Glaser’s Bake Shop closed on Sunday after 116 years in business.
My first apartment in New York was across the street from Glaser’s. I discovered them solely by proximity, as one does in Manhattan, particularly in the pre-smartphone days, where a person had to size up an establishment with his five senses.
The unassuming bakery with the aging storefront took a little effort to try, but once I did, I was hooked. Not only on their famous black and white cookies (I’m not even a big fan of the black and white cookie—only theirs) but of the bakery in general, from birthday cakes to the challah they’d bake only on Fridays, when there was sufficient demand.
Glaser’s closing was a retirement, well communicated in advance. I made the foolhardy decision to visit one last time on Saturday, spending [redacted] hours on line with my son to get one last order. It’s something I didn’t do when the Carnegie closed, and it was nice to say farewell. Not so my family’s two favorite restaurants in Greenwich Village, Cho Cho San and Charlie Mom, which both disappeared rather unceremoniously in the past few years, each after more than 20 years in business. We wish we’d been able to say farewell to them, too.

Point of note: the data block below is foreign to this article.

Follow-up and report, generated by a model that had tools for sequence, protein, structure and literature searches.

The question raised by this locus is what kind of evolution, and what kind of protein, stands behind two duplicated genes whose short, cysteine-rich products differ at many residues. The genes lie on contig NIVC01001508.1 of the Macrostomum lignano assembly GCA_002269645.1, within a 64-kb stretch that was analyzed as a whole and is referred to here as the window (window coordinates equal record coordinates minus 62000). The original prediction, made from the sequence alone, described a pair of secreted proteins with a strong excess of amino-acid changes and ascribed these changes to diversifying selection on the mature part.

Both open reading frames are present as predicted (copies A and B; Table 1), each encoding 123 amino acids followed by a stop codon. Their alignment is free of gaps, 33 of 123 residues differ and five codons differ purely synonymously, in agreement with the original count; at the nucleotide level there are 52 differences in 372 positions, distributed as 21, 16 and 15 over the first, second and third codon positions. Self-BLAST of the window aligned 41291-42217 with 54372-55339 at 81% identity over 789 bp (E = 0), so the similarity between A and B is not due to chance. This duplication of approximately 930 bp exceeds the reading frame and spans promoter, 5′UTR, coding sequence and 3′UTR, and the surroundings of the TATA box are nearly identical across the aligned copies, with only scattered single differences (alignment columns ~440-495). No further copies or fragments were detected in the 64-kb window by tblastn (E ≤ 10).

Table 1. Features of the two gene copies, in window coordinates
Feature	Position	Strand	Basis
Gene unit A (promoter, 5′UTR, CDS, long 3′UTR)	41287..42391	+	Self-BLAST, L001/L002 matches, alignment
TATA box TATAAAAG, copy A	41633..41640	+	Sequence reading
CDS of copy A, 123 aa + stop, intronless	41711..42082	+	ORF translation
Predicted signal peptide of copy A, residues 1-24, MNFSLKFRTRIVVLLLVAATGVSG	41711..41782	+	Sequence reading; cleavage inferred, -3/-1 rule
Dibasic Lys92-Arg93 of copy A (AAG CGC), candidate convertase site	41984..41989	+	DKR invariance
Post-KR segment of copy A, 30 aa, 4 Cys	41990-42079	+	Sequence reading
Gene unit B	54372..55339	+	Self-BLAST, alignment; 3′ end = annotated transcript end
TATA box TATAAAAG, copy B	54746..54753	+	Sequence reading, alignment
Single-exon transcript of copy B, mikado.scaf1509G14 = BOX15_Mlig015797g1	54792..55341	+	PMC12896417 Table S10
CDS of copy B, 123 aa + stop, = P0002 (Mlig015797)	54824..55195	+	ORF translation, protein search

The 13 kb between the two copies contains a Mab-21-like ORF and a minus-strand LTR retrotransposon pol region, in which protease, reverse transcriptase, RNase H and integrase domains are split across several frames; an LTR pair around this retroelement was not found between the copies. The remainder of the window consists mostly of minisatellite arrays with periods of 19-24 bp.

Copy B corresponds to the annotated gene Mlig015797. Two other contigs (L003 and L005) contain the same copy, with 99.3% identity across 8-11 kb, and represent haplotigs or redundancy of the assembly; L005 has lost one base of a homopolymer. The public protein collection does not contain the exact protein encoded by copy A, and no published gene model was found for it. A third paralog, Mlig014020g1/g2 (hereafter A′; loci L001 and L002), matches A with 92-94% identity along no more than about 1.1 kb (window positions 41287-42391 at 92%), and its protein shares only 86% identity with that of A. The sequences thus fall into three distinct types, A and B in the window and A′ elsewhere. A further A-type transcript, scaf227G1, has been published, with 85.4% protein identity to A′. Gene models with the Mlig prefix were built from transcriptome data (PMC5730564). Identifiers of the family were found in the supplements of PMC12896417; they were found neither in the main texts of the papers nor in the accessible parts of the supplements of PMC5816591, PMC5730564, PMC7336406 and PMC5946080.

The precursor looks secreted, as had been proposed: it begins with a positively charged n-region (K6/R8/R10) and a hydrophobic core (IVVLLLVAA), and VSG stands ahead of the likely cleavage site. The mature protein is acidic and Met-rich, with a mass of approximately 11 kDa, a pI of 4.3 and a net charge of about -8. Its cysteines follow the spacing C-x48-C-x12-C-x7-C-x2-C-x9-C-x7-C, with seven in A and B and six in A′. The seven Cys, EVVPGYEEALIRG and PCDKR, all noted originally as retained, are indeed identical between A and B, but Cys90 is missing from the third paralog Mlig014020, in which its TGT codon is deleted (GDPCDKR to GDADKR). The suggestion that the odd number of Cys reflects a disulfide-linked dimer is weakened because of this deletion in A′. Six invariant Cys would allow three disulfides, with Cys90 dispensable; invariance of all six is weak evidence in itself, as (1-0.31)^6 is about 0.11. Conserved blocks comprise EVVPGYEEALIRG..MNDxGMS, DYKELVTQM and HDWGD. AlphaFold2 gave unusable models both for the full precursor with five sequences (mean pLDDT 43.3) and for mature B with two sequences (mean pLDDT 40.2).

Glaser’s and the restaurants serve as a reminder, however melancholy, of the ever-changing landscape of the city. Yet they’re also an opportunity to celebrate their longevity and wonderfulness. And they provide us with momentum to revisit the things we love about New York.
My employer has an office in midtown Manhattan, three blocks from where I worked at the turn of the century. A few weeks ago, it occurred to me that the Ernest Klein supermarket on Sixth Avenue might still be serving lunch, like it did when I worked up the block, fifteen years ago. So I stopped in. They’ve renovated a bit, but they made me the same exact sandwich, with the same exact honey mustard that I used to adore, but last tasted in 2003. A good number of the lunch spots on West 56th are unchanged, too, and I hope to visit them all in turn.
Things change. But not all things change, and not all at once. Savoring those that don’t is worth the effort.